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As a Canadian runner, I’m reflecting on the experience of watching the Olympics from the U.S.

As a Canadian runner, Tara is keeping an eye on Canadian talent in Rio. But she's doing it from the U.S.

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My first memories of the Olympic Games are perhaps as Canadian as it gets, or at least I thought they were. k.d. lang’s performance at the opening ceremony of the Calgary Games in 1988 had me captivated. Following that were weeks of me racing around our deck in my roller skates and homemade speed skating outfit, pretending to be Dan Jansen. Dan Jansen? Wait, he’s American. I realize this and it couldn’t be more fitting.

Now, as grown adult, watching the Rio Games from Omaha, I once again find myself in a fine mix of Canadian and American Olympic admiration. The difference this time around is that as an adult, I’m much more aware of what I’m watching, how it’s being presented to me, and I’m a lot more picky about how and what I watch. We’ve sure come a long way from our cubed TV sets of 1988, now that we have the luxury of countless HD viewing options, from online streaming, to multiple stations, and an endless supply of minute-­by-­minute updates on social media.

Still, with all these options in front of me, as a Canadian looking to follow Canadian athletes, I have to dig for it the United States. NBC isn’t always interested in the stories of their neighbours to the north as it is an American network. I’m accustom to CBC’s coverage, which means tons of back stories on Canadian athletes, and ongoing coverage of the subplots emerging outside of the events. I find myself relying on Canadian Running and some online CBC news for such content. When it comes to streaming, CBC doesn’t allow it outside of Canada. Thankfully NBC streams just about every event.

While I do miss the Canadian coverage, I’m OK with being drawn into the American tales. Perhaps this interest comes from spending a lot of time in Santa Barbara as a child visiting my grandfather. The United States has never felt like a foreign place to me.


Still, in the land of America where everything tends to be bigger and louder, I will always appreciate the humble nature of the Canadian athletes and I hope to see more of them taking to the podium. It’s a strong bunch this year.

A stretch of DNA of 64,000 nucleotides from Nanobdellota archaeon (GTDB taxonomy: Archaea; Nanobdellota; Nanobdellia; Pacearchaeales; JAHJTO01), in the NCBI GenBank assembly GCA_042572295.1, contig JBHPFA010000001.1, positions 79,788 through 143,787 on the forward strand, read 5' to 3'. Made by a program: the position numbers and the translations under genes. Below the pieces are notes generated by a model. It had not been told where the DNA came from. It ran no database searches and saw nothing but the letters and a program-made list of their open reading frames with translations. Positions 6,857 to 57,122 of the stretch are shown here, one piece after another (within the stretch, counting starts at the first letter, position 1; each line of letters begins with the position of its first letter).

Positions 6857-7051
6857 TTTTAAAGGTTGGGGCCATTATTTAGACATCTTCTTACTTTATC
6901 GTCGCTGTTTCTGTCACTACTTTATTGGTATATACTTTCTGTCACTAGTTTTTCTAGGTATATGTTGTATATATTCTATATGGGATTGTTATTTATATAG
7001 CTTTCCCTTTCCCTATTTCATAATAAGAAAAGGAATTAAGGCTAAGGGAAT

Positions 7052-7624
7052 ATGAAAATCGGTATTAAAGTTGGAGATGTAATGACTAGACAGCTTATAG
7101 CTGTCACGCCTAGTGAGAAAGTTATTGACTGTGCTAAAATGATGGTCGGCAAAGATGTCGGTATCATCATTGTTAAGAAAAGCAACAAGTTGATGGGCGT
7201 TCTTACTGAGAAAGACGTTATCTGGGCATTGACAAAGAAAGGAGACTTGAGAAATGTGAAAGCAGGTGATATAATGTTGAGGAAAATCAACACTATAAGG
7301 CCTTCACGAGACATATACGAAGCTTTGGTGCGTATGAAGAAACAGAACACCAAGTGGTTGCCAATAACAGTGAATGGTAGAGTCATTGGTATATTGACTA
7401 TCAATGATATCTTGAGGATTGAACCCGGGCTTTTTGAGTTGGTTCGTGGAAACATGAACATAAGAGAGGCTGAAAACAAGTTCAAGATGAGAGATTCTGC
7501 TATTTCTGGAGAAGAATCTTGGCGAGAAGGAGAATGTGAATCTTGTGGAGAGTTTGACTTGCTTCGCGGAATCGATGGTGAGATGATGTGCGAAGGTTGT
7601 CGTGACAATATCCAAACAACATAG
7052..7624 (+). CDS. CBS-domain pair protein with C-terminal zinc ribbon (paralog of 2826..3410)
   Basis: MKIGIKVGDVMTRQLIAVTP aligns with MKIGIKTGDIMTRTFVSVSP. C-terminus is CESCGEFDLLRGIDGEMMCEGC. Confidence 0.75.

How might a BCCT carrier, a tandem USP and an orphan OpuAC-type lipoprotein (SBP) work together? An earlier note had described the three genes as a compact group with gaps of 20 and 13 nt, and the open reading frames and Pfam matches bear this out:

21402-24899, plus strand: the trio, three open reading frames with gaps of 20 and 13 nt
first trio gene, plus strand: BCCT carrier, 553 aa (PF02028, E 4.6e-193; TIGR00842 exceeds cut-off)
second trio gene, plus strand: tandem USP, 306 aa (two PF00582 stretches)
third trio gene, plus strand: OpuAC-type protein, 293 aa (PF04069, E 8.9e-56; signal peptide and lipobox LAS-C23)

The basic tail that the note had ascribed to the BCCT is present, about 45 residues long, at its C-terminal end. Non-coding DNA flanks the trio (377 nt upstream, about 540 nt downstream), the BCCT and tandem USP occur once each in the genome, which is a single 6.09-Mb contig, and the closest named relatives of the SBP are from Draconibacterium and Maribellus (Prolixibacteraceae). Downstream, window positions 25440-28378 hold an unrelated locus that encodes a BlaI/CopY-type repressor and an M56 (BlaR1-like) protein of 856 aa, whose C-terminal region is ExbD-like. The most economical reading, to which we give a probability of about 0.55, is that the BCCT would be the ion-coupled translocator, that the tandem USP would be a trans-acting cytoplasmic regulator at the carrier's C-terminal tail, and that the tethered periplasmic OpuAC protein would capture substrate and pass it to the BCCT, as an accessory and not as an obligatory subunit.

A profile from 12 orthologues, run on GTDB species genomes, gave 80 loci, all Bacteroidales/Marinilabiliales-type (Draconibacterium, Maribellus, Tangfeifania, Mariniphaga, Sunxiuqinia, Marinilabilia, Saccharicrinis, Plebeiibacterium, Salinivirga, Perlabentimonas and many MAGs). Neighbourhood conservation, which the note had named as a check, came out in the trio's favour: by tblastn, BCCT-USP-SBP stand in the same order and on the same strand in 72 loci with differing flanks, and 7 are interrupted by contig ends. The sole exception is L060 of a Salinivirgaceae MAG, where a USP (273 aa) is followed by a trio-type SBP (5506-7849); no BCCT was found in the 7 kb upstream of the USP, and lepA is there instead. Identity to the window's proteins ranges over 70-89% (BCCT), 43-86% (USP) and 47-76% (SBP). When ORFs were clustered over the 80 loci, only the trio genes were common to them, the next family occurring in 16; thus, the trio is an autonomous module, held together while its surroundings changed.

I’ll had my eyes peeled for Lanni Marchant and Natasha Wodak in the 10,000m on Friday morning. It was the first medal of track and field. Other big must-sees: Melissa Bishop in the 800m and Brianne Theisen-­Eaton who won bronze and was the first Canadian to do so in the heptathlon.

And then, of course, there was this morning’s marathon, where Canada had Krista DuChene and Lanni Marchant representing. This is the first time Canadian women have competed in the Olympic marathon since 1996. Now there’s a great story line. ­Plus both athletes competing have compelling stories of their own. Marchant doubled in the 10,000m and marathon and Duchene, at the age of 39, is the oldest track and field athlete of the Canadian bunch ­ and has shown remarkable resilience and commitment through injuries and some major setbacks over the past few years.

As a Canadian watching from the USA, I’ve done my due diligence to ensure I have the chance to catch as many glimpses of Canadians as possible. So, for all you Canadian runners out there, I’m watching from the other side of the border carrying a collective pride when I see the Canadians out there on the roads of Rio. And, staying true to form, I have been watching their American counterparts with anticipation too. After all, the way I see it is that great athletes all have great stories, no matter their nationality. Wherever you’re watching from, the unifying spirit of the Games remains the same.